PUTRAJAYA: The Central Database Hub (PADU) system was fully developed with civil servants’ expertise because getting external parties involved would pose a greater risk of data leakage, said Economy Minister Rafizi Ramli (pix).

He said the old model of appointing vendors or private companies to develop integrated applications for the government is also no longer suitable as it limits the government’s ability to control the system, including to swiftly resolve problems which arise.

Clarifying several arising issues on PADU, Rafizi said among the priorities of PADU was to use internal expertise in the form of civil servants to develop a solid system, taking advantage of the fact that they are bound by the Official Secrets Act 1972 (Act 88).

“If they breach the act (Act 88), they can be charged. But if it involves third parties, they are not bound by all this,” he told a press conference here today.

Rafizi said using civil servants to develop PADU would allow the system to be upgraded faster as private companies are tied by contracts with limited access.

Asked about consumer complaints like difficulty in accessing the system, Rafizi said it was normal for newly developed applications to face teething technical problems.

“...even Apple (iOs), Amazon, Netflix and Microsoft need updates because all products will always have room for improvement,” he said.

He said that before its launch, PADU was evaluated and audited by a team of experts to ensure the security and protection of data as recommended by the National Economic Action Council.

As of 4 pm today, 516,168 consumers have registered with PADU and of this number, 261,158 have completed the e-KYC (electronic Know-Your-Customer) process, with Selangor having the most sign-ups, he said.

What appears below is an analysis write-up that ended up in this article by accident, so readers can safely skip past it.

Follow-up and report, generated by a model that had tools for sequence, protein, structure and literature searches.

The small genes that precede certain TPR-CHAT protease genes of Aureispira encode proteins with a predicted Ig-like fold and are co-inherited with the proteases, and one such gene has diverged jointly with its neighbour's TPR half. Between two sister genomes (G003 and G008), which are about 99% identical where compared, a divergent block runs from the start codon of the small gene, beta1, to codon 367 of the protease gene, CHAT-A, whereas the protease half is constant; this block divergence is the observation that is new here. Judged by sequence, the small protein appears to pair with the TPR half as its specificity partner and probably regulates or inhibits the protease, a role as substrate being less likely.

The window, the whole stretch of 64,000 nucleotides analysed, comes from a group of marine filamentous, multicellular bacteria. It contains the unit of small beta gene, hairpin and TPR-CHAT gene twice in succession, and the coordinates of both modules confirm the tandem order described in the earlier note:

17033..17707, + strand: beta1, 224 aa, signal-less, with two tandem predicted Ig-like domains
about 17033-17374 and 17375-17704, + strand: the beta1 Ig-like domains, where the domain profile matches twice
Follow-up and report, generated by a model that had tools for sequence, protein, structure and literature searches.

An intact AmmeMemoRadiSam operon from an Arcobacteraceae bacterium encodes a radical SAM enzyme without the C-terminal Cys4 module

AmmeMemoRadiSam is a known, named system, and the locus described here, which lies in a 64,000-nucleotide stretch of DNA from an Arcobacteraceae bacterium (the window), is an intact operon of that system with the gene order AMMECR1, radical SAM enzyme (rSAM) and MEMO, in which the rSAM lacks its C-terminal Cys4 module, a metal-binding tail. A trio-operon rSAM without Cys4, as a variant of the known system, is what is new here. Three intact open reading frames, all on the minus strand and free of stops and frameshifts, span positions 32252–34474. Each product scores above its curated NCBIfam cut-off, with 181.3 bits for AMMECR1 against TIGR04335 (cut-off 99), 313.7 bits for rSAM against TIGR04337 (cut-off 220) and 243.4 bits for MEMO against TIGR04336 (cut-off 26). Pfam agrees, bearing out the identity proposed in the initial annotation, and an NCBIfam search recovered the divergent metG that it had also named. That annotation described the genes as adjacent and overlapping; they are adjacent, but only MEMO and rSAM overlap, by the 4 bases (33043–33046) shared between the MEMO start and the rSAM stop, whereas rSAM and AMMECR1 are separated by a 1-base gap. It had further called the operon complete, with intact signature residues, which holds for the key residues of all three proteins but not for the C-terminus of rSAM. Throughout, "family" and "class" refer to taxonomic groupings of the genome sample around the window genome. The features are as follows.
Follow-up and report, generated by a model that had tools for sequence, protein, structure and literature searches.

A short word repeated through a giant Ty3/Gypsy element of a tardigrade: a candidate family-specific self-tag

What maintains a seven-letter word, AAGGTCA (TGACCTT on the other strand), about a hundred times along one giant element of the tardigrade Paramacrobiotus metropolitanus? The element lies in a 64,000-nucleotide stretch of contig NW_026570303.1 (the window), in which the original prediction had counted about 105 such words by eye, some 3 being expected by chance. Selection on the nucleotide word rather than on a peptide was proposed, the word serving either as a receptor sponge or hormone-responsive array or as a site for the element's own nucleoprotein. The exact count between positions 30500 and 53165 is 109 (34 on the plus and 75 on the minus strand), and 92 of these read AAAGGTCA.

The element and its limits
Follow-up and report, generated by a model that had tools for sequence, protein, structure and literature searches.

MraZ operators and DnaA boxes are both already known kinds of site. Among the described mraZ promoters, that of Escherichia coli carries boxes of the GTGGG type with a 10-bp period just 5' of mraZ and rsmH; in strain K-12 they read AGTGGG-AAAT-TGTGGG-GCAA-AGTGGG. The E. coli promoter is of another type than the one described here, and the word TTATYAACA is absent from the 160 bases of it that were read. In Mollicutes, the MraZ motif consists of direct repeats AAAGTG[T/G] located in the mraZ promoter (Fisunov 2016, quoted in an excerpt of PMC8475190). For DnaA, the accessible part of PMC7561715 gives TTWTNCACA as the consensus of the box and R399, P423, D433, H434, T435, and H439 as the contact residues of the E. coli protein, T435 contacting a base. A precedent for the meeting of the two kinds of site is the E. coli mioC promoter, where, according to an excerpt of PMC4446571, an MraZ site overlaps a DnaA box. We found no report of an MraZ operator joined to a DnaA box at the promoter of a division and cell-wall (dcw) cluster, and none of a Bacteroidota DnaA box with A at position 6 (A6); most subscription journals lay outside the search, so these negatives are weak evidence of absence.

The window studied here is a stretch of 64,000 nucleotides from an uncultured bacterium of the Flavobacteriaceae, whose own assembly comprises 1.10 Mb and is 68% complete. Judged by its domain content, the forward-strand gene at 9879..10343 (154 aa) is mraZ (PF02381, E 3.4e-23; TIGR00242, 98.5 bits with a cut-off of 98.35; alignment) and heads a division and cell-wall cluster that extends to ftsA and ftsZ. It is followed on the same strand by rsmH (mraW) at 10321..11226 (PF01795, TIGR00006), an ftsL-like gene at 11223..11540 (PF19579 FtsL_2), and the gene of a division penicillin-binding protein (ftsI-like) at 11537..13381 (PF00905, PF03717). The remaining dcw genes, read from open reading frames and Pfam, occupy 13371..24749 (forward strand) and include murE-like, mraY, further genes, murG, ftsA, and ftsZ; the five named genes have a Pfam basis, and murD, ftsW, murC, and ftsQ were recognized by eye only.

“Among the problems encountered by consumers so far is the issue of user familiarity with the system like filling in data, camera not functioning and caches not being cleared,” he said.

He gave an assurance that this matter would continue to be addressed through the hotline and other channels to be opened later.

Rafizi said the authorities would focus on areas with a lower registration pattern in PADU, such as the rural areas and groups which are not digitally literate, to ensure the issue of subsidy leakages could be tackled.

Asked about human rights organisation Lawyers for Liberty’s (LFL) call for the government to postpone the PADU implementation until the Personal Data Protection Act (PDPA) 2010 is amended, Rafizi said the suggestion is not logical because data held by government agencies is still regulated by certain legislation.

“If we were to follow the comments of LFL, we would have to close the National Registration Department and Immigration Department because the data collected by PADU is not new. As we speak, our data is already in the government database,“ he added. -Bernama